GENEVA Nearly 60 private security firms deployed in war zones, including the former Blackwater, pledged on Tuesday to curb their use of force, vet and train personnel, and report any breaches, officials said.
An international code of conduct setting down the first set of standards was sparked by concerns over alleged abuses committed by the Pentagon's private contractors in Iraq and Afghanistan amid virtual impunity from criminal prosecution.
Neutral Switzerland initiated the landmark code, drawn up over the past year with the help of Britain and the United States, home to most private security companies.
"We strongly encourage all private security companies to sign it and to adhere to it. We believe it could be a new era of enhanced accountability for the industry," British diplomat Guy Pollard told the signing ceremony in Geneva.
The industry has grown exponentially, often providing essential security services for governments, private companies and aid workers in difficult and dangerous settings, he said.
Now renamed Xe Services, Blackwater Worldwide saw its reputation suffer over several incidents, especially one in 2007 when its guards were involved in a shooting in traffic in Baghdad in which 14 Iraqi civilians were killed.
One Blackwater guard pleaded guilty to manslaughter charges. A U.S. court dismissed charges against five others, saying their rights were violated during the U.S. government's investigation of the incident. The Iraqi government, which calls the shootings a "massacre," has vowed to appeal the ruling.
Ten American companies were among those to sign the code, including industry leaders DynCorp, owned by Cerberus Capital Management, Triple Canopy and Xe Services.
"While governments and clients play an important role in regulating the sector, the industry itself must be willing to take a stand and set standards," said Ignacio Balderas, CEO of Triple Canopy, a firm based in Virginia, founded by U.S. special forces veterans.
Its guards man security checkpoints for the embassy and U.S. military facilities in Iraq. Three of its staff were killed in a rocket attack in Baghdad's Green Zone in July.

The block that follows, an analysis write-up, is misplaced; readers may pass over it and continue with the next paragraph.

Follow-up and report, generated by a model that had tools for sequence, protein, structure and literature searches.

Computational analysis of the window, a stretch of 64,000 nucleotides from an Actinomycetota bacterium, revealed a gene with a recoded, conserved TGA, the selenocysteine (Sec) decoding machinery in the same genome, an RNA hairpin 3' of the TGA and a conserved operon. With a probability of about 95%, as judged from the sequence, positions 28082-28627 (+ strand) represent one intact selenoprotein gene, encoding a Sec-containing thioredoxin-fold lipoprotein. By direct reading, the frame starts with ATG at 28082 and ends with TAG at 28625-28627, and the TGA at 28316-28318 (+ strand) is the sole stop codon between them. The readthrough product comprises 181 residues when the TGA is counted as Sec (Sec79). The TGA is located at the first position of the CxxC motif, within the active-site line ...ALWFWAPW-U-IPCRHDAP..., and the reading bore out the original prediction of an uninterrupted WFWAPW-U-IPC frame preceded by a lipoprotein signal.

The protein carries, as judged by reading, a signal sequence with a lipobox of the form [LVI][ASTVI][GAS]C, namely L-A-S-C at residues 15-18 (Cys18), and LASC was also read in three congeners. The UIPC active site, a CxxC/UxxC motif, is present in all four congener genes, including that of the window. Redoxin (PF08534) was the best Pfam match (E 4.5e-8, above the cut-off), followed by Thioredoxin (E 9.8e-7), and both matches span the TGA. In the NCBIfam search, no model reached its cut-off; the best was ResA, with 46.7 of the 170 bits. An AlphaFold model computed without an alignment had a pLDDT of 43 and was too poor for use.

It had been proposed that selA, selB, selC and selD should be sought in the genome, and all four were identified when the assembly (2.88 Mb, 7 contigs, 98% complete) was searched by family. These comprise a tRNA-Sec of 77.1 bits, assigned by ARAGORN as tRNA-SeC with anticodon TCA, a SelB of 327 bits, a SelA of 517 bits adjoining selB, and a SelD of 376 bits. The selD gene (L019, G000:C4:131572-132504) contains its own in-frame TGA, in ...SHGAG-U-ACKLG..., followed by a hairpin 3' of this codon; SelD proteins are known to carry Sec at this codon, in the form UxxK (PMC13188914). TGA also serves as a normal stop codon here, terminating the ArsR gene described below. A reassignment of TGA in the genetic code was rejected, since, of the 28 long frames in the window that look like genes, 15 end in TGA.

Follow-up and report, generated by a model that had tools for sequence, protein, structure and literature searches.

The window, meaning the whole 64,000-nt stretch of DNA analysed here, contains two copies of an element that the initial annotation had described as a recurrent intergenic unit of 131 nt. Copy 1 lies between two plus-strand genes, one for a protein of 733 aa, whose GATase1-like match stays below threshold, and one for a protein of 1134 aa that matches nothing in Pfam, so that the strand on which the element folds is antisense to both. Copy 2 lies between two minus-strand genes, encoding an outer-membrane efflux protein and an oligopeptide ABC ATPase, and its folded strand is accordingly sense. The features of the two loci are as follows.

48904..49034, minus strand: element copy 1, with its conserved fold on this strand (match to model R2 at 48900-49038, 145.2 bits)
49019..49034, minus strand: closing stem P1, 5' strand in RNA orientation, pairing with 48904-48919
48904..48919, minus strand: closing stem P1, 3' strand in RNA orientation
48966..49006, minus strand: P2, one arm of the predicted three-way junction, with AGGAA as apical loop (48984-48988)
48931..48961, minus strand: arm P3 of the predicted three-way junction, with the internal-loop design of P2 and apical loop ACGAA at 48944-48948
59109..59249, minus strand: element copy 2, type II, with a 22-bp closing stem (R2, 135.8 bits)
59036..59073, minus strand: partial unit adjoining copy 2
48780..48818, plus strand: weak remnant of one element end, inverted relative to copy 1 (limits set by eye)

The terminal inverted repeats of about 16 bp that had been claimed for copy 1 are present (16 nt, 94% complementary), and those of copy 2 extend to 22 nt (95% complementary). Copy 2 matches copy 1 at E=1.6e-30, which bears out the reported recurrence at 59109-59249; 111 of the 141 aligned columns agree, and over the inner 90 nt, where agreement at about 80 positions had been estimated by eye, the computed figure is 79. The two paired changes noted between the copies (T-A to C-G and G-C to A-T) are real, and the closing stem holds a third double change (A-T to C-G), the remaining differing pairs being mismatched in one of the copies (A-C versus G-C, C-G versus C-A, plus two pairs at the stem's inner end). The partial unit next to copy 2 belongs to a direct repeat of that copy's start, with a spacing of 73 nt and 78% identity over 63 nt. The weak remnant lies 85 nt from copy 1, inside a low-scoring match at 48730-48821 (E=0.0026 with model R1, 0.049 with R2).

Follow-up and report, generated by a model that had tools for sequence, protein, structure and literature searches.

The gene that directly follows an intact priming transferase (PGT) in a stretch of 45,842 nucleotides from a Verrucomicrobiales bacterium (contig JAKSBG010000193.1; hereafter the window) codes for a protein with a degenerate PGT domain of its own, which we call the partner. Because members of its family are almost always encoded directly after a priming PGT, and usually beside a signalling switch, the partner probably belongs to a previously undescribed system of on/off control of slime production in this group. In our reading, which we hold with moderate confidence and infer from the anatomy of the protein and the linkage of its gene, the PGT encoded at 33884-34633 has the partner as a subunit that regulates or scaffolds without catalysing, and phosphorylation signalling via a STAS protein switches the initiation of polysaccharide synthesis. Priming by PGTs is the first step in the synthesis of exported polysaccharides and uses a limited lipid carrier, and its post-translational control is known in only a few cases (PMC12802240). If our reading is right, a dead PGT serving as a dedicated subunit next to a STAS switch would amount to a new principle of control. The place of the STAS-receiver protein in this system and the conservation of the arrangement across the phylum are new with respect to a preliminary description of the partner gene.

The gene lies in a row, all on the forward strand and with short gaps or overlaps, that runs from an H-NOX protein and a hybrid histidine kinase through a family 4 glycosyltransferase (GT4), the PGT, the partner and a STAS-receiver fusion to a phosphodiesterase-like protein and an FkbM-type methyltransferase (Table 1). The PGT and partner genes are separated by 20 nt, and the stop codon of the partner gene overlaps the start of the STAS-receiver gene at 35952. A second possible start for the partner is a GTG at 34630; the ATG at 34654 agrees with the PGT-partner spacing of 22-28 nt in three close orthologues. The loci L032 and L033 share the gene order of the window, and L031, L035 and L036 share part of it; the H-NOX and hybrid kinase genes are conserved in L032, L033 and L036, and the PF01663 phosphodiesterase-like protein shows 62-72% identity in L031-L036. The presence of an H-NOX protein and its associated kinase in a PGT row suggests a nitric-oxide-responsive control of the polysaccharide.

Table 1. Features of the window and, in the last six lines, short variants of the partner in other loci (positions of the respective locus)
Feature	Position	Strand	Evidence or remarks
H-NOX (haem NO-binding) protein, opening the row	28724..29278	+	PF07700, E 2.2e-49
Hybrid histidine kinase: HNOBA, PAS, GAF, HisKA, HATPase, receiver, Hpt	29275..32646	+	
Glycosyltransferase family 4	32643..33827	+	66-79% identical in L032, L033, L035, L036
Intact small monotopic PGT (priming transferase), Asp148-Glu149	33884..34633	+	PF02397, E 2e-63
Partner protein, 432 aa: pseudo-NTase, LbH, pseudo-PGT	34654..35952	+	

Harold Hongju Koh, State Department legal adviser, attended the ceremony. Later he addressed the U.N. Human Rights Council which has been examining the U.S. record at home and abroad.
The code aims to overcome "legal and theoretical ambiguities" and make clear that there is "no legal vacuum" for the activities of private security companies, the Swiss foreign ministry said in a statement.
It underlines prohibitions such as those to kill, torture, discriminate or be involved in human trafficking, it said.
Afghanistan has imposed a ban on private security companies except under limited circumstances. Last month it said it had begun disbanding them and confiscating their weapons, starting with a group of eight Afghan and foreign firms, including Xe.
The Kabul government describes the move as part of its plan to take over all security responsibility from 2014.
President Hamid Karzai has been critical of the firms, saying they have been responsible for horrific accidents. Many Afghans see them as operating with impunity and they have been accused of a series of crimes but have rarely been convicted.
A U.N. human rights body said last January that the Blackwater case in Iraq underscored the need for "credible oversight" of private security companies.
Pressure group Human Rights First welcomed the code as a "strong document."
"But its true value will depend on how it is enforced," said Devon Chaffee of the U.S.-based group.
(Editing by Peter Graff)